The hierarchical model showed that fatigue did improve at the first follow-up visit (b = −0.009, p = 0.0009), and the logistic regression model showed that low appetite, genitourinary (GU) cancer, high nausea, and low shortness of breath were predictors of this improvement of fatigue by outpatient palliative care consultation. Baseline low appetite was the strongest predictor of improvement in the reduced model (odds ratio [OR] = 1.09 per point; p = 0.0113). Additionally, patients with GU cancer were more likely to improve in fatigue in the reduced model (OR = 1.74 per point; p = 0.0458) (Table 6). The improvement of fatigue was observed in 586 patients (33%). Baseline nausea was the strongest predictor of improvement in fatigue with higher baseline nausea scores predictive of improvement (OR = 1.07 per point; p = 0.0442). In patients with severe fatigue (score 8–10), those with less shortness of breath at baseline were more likely to improve in fatigue (OR = 0.88 per point, p = 0.0068).

Table 6 Factors associated with improvement of fatigue

Changes in fatigue were positively associated with changes in the other cancer related symptoms as assessed by ESAS (Table 7).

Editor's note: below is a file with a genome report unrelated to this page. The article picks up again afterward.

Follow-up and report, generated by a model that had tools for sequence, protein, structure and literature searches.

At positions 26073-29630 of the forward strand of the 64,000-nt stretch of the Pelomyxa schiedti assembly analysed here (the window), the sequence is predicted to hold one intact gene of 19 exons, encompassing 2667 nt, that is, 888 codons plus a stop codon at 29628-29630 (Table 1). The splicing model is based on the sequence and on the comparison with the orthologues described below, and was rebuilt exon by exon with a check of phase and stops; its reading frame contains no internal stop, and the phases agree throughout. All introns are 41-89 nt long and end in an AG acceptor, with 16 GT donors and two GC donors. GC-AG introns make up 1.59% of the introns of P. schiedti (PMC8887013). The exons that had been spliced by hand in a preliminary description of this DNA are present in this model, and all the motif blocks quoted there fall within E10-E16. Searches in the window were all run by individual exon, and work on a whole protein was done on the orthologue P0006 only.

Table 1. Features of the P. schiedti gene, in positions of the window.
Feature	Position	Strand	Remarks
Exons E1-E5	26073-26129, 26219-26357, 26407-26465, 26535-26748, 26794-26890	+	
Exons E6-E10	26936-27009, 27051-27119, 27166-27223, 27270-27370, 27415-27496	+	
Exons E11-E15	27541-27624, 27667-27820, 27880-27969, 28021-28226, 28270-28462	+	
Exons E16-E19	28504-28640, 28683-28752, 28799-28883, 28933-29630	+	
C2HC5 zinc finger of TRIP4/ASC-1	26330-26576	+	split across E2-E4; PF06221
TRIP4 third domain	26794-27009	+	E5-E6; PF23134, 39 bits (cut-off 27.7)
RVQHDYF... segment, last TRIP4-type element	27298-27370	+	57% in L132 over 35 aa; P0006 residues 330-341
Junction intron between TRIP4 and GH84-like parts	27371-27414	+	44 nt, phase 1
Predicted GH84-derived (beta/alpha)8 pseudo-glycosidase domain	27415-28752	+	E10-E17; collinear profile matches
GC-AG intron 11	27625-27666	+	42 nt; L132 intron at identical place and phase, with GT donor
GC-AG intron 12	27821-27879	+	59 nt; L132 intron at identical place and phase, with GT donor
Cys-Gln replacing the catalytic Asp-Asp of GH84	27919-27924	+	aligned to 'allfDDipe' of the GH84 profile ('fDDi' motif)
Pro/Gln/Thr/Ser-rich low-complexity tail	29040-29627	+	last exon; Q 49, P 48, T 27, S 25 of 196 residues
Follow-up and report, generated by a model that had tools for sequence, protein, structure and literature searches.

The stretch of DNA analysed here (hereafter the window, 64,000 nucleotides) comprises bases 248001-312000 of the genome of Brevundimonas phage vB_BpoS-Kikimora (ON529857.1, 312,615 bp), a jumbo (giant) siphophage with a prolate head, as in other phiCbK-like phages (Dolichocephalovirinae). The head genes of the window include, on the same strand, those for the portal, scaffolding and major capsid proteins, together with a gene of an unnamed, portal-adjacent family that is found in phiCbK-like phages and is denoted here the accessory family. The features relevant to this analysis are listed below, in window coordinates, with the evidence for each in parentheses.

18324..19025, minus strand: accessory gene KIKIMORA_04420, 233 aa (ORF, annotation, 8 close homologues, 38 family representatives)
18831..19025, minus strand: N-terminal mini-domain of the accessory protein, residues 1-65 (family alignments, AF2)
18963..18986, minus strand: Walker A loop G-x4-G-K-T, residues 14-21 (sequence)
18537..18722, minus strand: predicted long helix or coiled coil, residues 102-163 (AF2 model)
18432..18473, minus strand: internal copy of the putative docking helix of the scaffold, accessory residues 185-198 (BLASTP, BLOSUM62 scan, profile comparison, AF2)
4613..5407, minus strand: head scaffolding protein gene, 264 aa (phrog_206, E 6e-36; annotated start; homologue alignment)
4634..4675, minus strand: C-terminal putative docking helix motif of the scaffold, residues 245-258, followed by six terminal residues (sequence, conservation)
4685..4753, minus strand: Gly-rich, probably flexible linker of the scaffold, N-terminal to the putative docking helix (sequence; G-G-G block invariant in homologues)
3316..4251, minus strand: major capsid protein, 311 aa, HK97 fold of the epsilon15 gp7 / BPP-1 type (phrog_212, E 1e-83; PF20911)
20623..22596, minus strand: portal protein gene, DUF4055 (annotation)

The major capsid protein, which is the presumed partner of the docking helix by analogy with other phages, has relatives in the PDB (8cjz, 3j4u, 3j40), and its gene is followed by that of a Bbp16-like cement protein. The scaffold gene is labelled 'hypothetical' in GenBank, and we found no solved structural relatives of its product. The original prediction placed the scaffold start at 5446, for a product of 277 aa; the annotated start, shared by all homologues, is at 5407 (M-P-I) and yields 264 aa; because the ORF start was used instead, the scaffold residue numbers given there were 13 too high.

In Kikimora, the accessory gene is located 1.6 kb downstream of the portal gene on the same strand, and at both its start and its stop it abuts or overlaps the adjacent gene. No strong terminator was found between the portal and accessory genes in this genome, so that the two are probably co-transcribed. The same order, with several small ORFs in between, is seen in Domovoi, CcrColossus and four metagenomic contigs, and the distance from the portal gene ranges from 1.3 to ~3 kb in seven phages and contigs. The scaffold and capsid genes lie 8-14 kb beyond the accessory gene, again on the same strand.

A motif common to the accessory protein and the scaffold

Table 7 Association of change in Fatigue with change in other ESAS symptoms


Our findings provide preliminary evidence that palliative care consultation for fatigue for advanced cancer patients seen at an outpatient palliative care clinic in a comprehensive cancer center was associated with improvement of fatigue at the time of the first follow-up visit.

Moderate to severe fatigue was common (84%) in the patients we evaluated. Severity of fatigue at the time of consultation significantly correlated with all ESAS items, with pain and appetite having the strongest associations. These findings are consistent with those from previous studies [1523].

One of the strengths of this study, despite its retrospective design, is that the fatigue assessment was performed prospectively at both the initial and subsequent follow-up visits using validated tools in a dedicated outpatient palliative care clinic. The fatigue assessment was completed by the patients under the supervision of nurses trained specifically in palliative care, and standardized management was provided by a specialist-led palliative care team in accordance with our institutional protocol based on the findings from previous fatigue assessments [9]. Moreover, this study differed from earlier studies in its relatively large population sample size of over 1700 patients and its focus on factors associated with improvement in fatigue after an outpatient palliative care consultation. Thus, our findings provide preliminary reference data about the effectiveness of outpatient palliative care when standard palliative care is applied to patients with fatigue.